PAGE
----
The policy change does not mean the department is backing away from the concept of work release. But officials did say they are making changes after recent security lapses at the Largo center.

Gov. Rick Scott has proposed putting all work release inmates on electronic ankle monitors.

Latvala wants to reduce the number of inmates at the Largo center, which is the state's biggest. Largo residents who live near it were happy to hear the department removed murderers from the program, but were skeptical that their problems were over.

"To me it's a knee jerk reaction to bad press," said Carol Dattoli, who lives near the spot where work release inmate Dustin Kennedy is accused of raping a teenager on her way to school in January.

Dattoli said she won't be happy until the center is shut down.

"They've had five years to do this right. I don't feel that means they've cleaned up their act," she said. "They were idiots for having them there in the first place."

Kameel Stanley can be reached at kstanley@tampabay.com; Curtis Krueger at ckrueger@tampabay.com or (727) 893-8232.

State removes murderers from work release centers after Times stories 03/01/13 [Last modified: Friday, May 31, 2013 5:59pm]
Photo reprints | Article reprints

© 2017 Tampa Bay Times

    

Join the discussion: Click to view comments, add yours

Loading...
  1. No. 16 USF hangs on at Tulane, off to first 7-0 start

    College

    NEW ORLEANS — After half a season of mismatches, USF found itself in a grudge match Saturday night.

    USF quarterback Quinton Flowers (9) runs for a touchdown against Tulane during the first half of an NCAA college football game in New Orleans, La., Saturday, Oct. 21, 2017. (AP Photo/Derick E. Hingle) LADH103
  2. Lightning buries Penguins (w/video)

    Lightning Strikes

    TAMPA — Ryan Callahan spent a lot of time last season rehabilitating his injured hip alongside Steven Stamkos, who was rehabbing a knee after season-ending surgery. During those hours, Callahan noticed two things about Stamkos: his hunger and his excitement to return this season.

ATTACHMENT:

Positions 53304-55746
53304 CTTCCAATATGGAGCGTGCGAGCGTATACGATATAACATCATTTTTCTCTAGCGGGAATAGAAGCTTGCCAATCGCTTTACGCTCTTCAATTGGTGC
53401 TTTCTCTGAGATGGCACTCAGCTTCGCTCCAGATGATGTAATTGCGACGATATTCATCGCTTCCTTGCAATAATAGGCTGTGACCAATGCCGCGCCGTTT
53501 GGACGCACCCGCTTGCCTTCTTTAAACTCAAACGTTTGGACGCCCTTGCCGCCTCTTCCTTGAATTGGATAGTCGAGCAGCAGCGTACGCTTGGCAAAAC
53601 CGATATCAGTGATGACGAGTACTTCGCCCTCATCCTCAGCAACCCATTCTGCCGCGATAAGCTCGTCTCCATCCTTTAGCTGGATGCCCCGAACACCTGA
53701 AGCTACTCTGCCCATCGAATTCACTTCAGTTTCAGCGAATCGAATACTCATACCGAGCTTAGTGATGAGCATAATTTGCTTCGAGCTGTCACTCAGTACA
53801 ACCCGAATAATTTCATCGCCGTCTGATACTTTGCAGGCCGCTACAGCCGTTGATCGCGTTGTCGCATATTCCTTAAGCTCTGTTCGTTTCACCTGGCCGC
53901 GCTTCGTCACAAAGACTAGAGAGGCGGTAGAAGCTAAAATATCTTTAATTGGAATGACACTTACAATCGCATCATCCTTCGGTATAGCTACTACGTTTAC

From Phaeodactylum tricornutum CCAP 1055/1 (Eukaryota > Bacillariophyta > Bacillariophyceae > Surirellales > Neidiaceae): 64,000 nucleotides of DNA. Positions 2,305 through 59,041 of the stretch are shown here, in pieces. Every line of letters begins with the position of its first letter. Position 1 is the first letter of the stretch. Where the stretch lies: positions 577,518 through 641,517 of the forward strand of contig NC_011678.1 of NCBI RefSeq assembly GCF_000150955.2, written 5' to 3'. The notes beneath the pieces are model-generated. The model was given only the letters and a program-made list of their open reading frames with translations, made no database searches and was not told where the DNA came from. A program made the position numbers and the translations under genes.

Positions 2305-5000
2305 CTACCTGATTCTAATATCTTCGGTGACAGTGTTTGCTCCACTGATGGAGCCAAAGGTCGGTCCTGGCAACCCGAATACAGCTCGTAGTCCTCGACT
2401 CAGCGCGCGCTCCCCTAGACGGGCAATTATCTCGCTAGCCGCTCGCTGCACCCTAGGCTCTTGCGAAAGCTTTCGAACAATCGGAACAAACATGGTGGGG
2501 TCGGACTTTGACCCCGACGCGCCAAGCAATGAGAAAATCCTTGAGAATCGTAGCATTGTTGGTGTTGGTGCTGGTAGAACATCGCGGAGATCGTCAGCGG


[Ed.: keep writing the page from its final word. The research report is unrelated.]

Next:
Tampa Bay Lightning defenseman Slater Koekkoek (29) advances the puck through the neutral zone during the first period of Saturday???‚??„?s (10/21/17) game between the Tampa Bay Lightning and the Pittsburgh Penguins at Amalie Arena in Tampa.
  3. Spain planning to strip Catalonia of its autonomy

    World

    BARCELONA, Spain — The escalating confrontation over Catalonia's independence drive took its most serious turn Saturday as Prime Minister Mariano Rajoy of Spain announced he would remove the leadership of the restive region and initiate a process of direct rule by the central government in Madrid.

    Demonstrators in Barcelona protest the decision to take control of Catalonia to derail the independence movement.
  4. Funeral held for soldier at center of political war of words (w/video)

    Nation

    COOPER CITY — Mourners remembered not only a U.S. soldier whose combat death in Africa led to a political fight between President Donald Trump and a Florida congresswoman but his three comrades who died with him.

    The casket of Sgt. La David T. Johnson of Miami Gardens, who was killed in an ambush in Niger. is wheeled out after a viewing at the Christ The Rock Church, Friday, Oct. 20, 2017  in Cooper City, Fla. (Pedro Portal/Miami Herald via AP) FLMIH102
  5. Chemical industry insider now shapes EPA policy

    Nation

    WASHINGTON — For years, the Environmental Protection Agency has struggled to prevent an ingredient once used in stain-resistant carpets and nonstick pans from contaminating drinking water.

    This is the Dow chemical plant near Freeport, Texas. Before the 2016 election, Dow had been in talks with the EPA to phase out the pesticide chlorpyrifos, which is blamed for disabilities in children. Dow is no longer willing to compromise.